Share Buybacks - Proceed with caution!

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26 November, 2020

An in-specie contribution is a viable alternative to transferring cash into a pension scheme, and can include assets such as property or shares. Problems can arise where the shares held in the pension scheme are bought back by the company for cash.

A private limited company can make use of a mechanism under the Companies Act 2006 (the "Act") to buy back its own shares to provide an exit strategy for a shareholder leaving the business or to return value to one or more shareholders, in this instance the pension scheme.

A valid share buyback

A share buyback must comply with the prescriptive steps set out in Part 18 of the Act 2006. Quite often, the requirements of the Act for a share buyback are overlooked or even misunderstood. Some of the most common areas of non-compliance include:

1. The need for distributable profits

Funding a buyback using a company's distributable profits is one of the most common ways of funding such procedure. Prior to engaging in this procedure, a company should consult its accounts to ensure that there are sufficient distributable profits available to enable the buyback.

2. Full and complete payment shall be provided for the buyback of shares on completion

This failure to comply is the most common feature of an incorrectly implemented buyback. The Act requires that payment for the buyback of shares must be made in full on completion - deferred consideration nor advance payments are acceptable. Where a company does not have the funds available at completion to fund the buyback, it can still effect the buyback but in tranches rather than in one transaction. However, this requires there are sufficient distributable profits at each stage. However, the delay and uncertainty that this brings may not be an attractive option where a shareholder is wanting to be removed from a company immediately.

3. Obtaining shareholder approval

The buyback of shares requires the shareholders of the company to pass an ordinary resolution (passed by a 51% majority of all voting shares held by the members other than the shareholder whose shares it is proposed are being bought back). It is essential that the shareholder resolution approving the buyback of shares is documented.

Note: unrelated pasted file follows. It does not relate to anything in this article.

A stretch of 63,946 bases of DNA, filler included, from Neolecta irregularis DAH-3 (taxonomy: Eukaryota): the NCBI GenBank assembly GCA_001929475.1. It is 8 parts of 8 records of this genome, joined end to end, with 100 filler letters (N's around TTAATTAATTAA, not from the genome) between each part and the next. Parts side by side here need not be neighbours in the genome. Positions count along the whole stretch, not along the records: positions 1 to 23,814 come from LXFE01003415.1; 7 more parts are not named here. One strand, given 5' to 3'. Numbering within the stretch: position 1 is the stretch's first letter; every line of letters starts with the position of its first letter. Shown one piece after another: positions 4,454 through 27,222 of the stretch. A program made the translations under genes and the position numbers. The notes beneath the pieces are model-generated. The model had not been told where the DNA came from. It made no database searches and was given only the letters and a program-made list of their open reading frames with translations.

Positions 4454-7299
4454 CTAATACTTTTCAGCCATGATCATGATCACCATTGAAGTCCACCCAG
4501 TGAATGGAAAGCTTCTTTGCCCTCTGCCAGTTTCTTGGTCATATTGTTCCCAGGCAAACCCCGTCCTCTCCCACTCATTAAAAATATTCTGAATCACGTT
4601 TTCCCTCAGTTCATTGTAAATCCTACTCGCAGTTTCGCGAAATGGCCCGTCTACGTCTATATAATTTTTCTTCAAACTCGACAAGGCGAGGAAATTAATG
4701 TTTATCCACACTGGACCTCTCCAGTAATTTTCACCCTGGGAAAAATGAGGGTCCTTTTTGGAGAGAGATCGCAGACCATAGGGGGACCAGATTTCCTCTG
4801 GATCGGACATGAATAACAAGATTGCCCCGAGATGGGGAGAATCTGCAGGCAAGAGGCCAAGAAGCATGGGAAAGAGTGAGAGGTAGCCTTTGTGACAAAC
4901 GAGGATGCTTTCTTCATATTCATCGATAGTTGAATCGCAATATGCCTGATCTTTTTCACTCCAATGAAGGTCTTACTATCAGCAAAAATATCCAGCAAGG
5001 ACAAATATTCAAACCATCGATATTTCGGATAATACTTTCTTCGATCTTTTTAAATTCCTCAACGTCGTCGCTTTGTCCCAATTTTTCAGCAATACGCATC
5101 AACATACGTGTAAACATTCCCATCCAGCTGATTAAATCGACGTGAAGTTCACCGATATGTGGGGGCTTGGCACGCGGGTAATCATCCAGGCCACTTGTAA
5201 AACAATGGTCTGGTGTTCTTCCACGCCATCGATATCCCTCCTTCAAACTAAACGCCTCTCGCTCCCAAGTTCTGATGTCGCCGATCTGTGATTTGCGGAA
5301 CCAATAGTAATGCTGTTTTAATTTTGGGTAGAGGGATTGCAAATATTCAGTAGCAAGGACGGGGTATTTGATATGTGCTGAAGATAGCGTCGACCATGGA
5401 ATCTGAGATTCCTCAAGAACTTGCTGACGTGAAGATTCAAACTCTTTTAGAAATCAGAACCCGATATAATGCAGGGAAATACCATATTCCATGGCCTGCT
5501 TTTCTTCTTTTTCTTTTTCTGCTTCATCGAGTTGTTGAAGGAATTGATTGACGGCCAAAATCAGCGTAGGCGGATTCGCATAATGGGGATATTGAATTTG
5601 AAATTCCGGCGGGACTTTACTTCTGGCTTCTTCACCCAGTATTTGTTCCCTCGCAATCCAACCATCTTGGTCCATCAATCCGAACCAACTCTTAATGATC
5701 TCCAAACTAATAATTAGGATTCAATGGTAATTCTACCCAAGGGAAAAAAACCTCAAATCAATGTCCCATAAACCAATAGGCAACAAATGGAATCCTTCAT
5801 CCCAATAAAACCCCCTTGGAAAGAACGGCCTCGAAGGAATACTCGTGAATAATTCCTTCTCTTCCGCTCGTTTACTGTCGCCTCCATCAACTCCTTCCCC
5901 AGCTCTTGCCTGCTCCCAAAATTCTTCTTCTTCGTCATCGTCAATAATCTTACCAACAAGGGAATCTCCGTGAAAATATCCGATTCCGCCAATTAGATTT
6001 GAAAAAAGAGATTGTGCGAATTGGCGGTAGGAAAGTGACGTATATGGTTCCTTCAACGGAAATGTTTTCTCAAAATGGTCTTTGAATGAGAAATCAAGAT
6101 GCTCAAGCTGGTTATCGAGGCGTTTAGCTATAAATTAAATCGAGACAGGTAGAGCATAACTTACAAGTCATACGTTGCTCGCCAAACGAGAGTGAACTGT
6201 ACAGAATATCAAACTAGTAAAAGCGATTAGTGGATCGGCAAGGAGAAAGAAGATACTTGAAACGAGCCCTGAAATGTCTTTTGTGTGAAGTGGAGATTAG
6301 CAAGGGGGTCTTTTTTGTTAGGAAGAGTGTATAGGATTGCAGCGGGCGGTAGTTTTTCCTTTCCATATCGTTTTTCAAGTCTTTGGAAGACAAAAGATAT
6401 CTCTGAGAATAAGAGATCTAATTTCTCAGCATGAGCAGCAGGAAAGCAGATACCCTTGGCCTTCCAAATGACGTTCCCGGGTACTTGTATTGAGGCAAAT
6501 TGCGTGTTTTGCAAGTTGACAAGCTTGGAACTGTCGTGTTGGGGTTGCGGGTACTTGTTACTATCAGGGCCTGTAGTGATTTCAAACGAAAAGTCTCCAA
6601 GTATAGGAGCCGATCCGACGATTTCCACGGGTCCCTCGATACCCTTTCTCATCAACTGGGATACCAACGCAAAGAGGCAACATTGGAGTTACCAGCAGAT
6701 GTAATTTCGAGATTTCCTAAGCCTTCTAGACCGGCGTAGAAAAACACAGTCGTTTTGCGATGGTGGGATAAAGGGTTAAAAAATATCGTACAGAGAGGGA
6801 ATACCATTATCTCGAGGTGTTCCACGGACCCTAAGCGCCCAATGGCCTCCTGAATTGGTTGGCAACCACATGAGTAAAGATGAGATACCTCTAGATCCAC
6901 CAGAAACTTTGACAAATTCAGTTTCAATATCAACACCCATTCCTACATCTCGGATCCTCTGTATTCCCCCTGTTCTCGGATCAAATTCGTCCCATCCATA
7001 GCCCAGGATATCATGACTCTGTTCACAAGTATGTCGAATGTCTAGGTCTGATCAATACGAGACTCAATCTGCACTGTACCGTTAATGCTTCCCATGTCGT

4. Restrictions in the articles of association

It is necessary for a company to check their articles of association for any prohibitions regarding the buyback of shares.

Consequences of non-compliance

Failing to comply with any of the above requirements of the Act can have some serious repercussions for a company. Examples include:

  • The acquisition being void meaning the pension scheme may be deemed to still be the lawful shareholder of the shares.
  • All shareholder resolutions passed by the company since the purported buy back will be invalid because they will not have been voted on by the shareholder whose shares were purportedly bought back.
  • Any prospective purchaser of the company in the future may be apprehesive if it cannot be deterined
  • Any share issues since the purported buy back will not have been offered pre-emptively to the shareholder whose shares were purportedly bought back.

Moreover, where a buyback has not been conducted in accordance with the Act, the company and its directors will be guilty of an offence and liable to a prison term of up to two years or an unlimited fine or both.

It is vital that the share buyback procedure is complied with, to avoid any unintended consequences in future, particularly if the remaining shareholders are gearing up for an exit from the company.

Next Steps

If you are thinking of undertaking a buy back of shares in your company or alternatively, think your company may have been involved in a defective buyback.

For more information contact Nick Hodgson in our Corporate department via email or phone on 0333 207 1139. Alternatively send any question through to Forbes Solicitors via our online Contact Form.

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